January 1, 1970 (Vol. , No. )
Doron Lancet Weizmann Institute of Science
Yaron Golan LifeMap Sciences
Gil Stelzer Weizmann Institute of Science
Find out which genes are the most popular.
Ten years after the sequencing of the first human genome, the human gene universe remains elusive. GeneCards, an automatically mined human gene compendium, has about 95,000 gene entries, but as of yet only 35,000 got the approval (and official symbol) of the Human Gene Nomenclature committee (HGNC). A great majority of the unapproved entries belongs to nonprotein coding RNA genes, an arena for future scrutiny. Of the ~22,000 protein-coding genes in GeneCards, about 1/3 are scantly annotated.
Conveying gene-centric data from 110 web-based sources, GeneCards portrays web cards with annotations and has search capacities to help leverage this information. One facet of GeneCards is as a tool for following gene popularity trends, showing in real time which genes have become desirable search targets. The upcoming series of articles will highlight to GEN readers those genes that have become worthy of attention.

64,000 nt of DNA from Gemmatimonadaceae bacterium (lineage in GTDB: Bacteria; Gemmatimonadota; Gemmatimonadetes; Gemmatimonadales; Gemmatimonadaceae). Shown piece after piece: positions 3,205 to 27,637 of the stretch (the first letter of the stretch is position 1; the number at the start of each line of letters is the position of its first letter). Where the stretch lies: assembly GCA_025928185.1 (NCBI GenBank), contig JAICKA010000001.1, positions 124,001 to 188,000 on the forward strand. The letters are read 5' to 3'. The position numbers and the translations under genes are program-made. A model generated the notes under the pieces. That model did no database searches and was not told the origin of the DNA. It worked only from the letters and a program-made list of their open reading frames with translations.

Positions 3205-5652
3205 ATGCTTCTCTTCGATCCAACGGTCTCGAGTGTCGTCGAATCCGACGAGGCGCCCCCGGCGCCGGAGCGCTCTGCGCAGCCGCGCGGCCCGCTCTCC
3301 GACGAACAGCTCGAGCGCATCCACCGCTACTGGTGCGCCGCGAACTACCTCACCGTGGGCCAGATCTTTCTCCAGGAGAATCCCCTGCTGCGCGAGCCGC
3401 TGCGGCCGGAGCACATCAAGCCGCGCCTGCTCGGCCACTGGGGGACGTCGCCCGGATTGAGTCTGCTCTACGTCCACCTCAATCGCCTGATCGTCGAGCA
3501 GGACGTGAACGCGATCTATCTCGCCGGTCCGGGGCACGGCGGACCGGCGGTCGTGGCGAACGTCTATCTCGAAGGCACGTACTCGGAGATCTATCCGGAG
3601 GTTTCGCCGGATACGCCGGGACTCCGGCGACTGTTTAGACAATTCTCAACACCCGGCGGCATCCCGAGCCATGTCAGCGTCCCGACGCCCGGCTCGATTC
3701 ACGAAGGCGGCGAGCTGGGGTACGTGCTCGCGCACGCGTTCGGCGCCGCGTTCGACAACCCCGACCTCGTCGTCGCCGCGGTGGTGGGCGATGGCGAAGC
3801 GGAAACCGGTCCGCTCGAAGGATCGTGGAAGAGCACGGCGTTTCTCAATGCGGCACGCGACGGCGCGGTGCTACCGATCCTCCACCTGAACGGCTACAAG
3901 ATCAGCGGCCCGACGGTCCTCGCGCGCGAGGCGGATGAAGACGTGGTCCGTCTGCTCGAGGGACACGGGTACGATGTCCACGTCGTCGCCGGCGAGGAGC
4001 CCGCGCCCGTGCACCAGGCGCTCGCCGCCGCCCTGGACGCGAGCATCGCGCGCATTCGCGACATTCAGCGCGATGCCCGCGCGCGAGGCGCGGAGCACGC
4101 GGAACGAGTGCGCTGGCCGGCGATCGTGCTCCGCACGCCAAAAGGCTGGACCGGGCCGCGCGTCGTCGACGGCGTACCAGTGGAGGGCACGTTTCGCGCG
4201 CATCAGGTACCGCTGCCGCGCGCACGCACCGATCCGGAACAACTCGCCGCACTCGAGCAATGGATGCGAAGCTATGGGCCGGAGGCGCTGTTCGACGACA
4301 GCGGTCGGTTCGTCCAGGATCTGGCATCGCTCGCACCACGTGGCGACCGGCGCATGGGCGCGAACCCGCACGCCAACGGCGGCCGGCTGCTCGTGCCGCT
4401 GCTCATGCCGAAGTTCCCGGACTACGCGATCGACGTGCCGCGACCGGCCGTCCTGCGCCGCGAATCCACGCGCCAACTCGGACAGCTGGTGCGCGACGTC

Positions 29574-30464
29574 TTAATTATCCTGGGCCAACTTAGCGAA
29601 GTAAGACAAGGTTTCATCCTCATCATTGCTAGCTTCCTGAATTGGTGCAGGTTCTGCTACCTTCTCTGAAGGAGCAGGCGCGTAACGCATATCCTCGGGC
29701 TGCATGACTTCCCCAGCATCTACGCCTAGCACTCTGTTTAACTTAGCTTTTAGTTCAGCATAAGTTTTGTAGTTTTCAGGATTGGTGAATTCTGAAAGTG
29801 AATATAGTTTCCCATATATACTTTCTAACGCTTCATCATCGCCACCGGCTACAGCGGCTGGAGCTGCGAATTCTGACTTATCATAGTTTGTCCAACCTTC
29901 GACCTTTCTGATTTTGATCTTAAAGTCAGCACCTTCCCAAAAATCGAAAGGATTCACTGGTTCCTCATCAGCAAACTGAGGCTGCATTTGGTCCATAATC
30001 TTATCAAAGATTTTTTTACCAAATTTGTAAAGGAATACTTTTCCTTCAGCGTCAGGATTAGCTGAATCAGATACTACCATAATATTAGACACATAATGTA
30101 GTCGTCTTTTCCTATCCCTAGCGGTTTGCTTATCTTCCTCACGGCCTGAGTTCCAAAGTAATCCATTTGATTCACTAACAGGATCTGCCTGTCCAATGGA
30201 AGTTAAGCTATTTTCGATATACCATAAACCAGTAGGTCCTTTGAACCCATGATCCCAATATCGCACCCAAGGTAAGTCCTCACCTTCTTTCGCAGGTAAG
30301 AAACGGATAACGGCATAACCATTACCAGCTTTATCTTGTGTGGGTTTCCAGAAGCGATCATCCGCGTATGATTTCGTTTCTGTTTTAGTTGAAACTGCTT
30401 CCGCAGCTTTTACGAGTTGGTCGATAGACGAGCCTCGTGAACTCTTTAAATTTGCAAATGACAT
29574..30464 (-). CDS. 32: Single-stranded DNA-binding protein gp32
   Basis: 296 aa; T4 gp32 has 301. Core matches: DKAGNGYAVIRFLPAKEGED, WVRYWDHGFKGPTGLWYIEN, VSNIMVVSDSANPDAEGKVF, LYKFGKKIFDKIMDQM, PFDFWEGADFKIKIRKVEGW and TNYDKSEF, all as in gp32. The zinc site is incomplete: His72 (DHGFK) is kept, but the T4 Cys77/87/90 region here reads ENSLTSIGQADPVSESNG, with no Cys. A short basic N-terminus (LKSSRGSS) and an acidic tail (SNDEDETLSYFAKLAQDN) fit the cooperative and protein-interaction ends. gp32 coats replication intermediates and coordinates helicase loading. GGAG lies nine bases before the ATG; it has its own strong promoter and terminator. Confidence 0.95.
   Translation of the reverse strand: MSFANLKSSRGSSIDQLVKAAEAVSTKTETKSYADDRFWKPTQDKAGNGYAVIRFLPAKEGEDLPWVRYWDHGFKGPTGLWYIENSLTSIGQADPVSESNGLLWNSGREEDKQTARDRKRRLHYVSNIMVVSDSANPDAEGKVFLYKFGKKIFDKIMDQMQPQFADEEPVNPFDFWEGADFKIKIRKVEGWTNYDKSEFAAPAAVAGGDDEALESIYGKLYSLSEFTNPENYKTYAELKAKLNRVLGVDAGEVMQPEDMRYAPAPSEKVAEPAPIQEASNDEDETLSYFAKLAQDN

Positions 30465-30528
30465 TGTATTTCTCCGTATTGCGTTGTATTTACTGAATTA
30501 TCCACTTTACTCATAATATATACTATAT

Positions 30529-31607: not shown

The top-scoring gene in terms of enhanced GeneCards popularity in the month of August (Figure) is SAT1 – spermidine/spermine N1-acetyltransferase 1. Researching the possible reason for its enhanced status this month, one finds a paper by AB Niculescu and his group from Indiana University, entitled “Discovery and validation of blood biomarkers for suicidality”1. This paper reports a microarray study of differential gene expression, comparing controls with subjects afflicted with suicide ideation (unusual preoccupation with suicide), whereby the top-scoring gene, after robust statistical filtering, is SAT1. The result was corroborated by biomarker comparisons involving suicide completers, those who actually committed suicide. A second paper likely contributing to the SAT1 popularity peak, by G Turecki and colleagues2, identified several miRNAs that target the 3’UTR of SAT1. Several of these regulatory noncoding RNAs, shown by the authors to actually control the expression of SAT1, revealed significant up-regulation in the prefrontal cortex of suicide completers compared to controls. The paper especially highlights miR-320c (MIR320C1/MIR320C2), the only one in the highlighted group of miRNAs that is apparently primate-specific, consistent with a role in higher cognitive function.